Greenhouse Gas Emissions Inventory Overview
Greenhouse gas inventories reveal that 75% of our emissions are associated with campus building energy use. The majority of the remaining emissions come from campus related travel.
UC Berkeley reports on ten emissions sources and analyzes emissions in three different categories:
- Scope 1 - Direct Emissions: natural gas, campus fleet, emissions from refrigerants
- Scope 2 - Indirect Emissions: purchased electricity, purchased steam
- Scope 3 - Optional Emissions: business air travel, student commute, faculty/staff commute, solid waste, water consumption
The campus reports its GHG inventory to both The Climate Registry and the California Air Resources Board (CARB). Third party verification of the inventory is completed as part of the reporting process.
2016 Berkeley GHG Emissions Inventory
|Faculty & Staff Commute||23,142||18,027||14,870||11,958|
2016 EMISSIONS PROFILE
Normalized Energy and Climate Data
The campus analyzes emissions, energy use, and transportation scaled to campus population and square footage over time to monitor normalized progress and for comparison purposes.
2016 EMISSIONS PER CAPITA
Carbon Footprint Lifecycle Analysis
UC Berkeley recognizes that the reported emissions inventory does not fully reflect the complete carbon footprint of campus activities. A lifecycle analysis includes greenhouse gas emissions from all stages of a product/service lifecycle, including mining, manufacturing, and transportation. UC Berkeley’s Renewable and Appropriate Energy Laboratory has provided some lifecycle analysis of campus emissions as have students in reports like this an award winning student research project.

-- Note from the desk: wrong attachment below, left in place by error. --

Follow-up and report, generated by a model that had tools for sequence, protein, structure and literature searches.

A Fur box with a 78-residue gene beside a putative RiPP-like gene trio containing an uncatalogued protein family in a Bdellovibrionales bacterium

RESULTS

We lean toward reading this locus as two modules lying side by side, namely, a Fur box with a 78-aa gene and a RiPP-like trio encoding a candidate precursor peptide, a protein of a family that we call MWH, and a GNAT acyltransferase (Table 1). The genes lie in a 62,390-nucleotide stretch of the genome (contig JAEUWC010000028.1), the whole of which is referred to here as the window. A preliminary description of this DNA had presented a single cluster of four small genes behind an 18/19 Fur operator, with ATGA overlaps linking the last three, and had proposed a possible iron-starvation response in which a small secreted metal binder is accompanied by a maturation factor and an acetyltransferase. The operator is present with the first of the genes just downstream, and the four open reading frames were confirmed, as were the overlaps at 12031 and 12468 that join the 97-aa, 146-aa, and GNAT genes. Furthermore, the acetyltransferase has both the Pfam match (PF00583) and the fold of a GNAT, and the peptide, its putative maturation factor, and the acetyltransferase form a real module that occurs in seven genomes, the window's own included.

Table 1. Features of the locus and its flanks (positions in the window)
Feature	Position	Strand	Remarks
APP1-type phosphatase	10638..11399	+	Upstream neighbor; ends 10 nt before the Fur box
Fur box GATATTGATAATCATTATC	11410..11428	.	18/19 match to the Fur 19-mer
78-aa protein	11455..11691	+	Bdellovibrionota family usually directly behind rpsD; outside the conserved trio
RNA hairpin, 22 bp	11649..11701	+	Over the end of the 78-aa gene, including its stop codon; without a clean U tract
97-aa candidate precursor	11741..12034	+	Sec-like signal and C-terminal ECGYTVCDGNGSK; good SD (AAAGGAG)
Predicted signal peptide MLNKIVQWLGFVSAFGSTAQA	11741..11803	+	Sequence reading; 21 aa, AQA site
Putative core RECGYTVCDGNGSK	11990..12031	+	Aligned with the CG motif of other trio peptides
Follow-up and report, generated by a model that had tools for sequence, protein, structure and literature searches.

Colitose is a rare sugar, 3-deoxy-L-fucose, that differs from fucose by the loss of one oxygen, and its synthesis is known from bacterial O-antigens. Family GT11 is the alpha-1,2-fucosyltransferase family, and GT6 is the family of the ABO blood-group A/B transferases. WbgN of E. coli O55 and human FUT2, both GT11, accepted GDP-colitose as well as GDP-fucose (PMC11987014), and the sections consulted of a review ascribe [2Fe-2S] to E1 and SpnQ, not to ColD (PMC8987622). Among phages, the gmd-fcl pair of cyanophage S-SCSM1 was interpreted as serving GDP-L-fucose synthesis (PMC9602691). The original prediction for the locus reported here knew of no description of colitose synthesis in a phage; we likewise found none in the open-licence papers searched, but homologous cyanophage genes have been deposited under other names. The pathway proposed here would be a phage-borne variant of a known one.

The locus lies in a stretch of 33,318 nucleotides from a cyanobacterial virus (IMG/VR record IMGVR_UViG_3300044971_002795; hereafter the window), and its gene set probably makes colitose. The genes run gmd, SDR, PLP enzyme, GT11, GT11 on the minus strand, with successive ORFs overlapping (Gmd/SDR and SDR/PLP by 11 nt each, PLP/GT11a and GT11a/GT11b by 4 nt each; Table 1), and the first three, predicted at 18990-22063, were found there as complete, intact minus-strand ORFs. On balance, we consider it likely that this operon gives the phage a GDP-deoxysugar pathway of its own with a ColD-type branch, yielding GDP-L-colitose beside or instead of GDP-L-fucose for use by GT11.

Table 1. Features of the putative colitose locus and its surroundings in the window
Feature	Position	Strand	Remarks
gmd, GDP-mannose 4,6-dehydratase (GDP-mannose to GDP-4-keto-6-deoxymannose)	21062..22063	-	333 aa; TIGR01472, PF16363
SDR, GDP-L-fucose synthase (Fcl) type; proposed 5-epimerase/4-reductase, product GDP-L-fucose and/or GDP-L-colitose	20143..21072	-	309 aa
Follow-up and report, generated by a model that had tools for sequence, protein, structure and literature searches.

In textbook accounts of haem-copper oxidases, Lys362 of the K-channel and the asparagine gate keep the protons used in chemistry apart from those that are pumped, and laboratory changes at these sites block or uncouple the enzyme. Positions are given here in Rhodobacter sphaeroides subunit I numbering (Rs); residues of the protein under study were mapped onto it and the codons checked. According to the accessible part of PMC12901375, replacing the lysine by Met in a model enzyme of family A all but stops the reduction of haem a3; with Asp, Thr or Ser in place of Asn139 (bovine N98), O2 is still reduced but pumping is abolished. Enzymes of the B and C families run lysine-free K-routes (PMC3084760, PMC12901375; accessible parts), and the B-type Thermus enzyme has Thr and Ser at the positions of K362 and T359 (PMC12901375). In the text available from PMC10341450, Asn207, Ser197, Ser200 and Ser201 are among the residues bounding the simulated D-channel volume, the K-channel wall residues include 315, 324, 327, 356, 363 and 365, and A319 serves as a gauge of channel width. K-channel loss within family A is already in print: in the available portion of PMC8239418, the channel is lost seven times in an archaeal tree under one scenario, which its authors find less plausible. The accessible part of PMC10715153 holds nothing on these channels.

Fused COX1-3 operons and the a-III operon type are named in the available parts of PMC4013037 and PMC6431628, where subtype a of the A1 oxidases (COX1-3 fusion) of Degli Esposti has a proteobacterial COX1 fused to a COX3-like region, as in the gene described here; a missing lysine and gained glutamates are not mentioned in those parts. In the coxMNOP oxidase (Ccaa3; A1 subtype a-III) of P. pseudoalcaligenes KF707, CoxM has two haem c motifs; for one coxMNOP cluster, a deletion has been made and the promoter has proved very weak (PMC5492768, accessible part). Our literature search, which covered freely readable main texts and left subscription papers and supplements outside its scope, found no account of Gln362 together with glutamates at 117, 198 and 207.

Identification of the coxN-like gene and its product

Cal employees participate in
Bike to Work Day,
reducing greenhouse gas emissions
and building healthy habits
Reduce, Reuse, Recycle
Did you know that waste materials
contribute to GHG emissions?
Berkeley students use recycled materials
in ceramics projects.
UC Berkeley staff promote reusable alternatives to
disposable cups and bottles at a Climate Action Summit
Professor Claudia Ostertag,
Civil and Environmental Engineering,
creates new concrete composites to reduce GHG emissions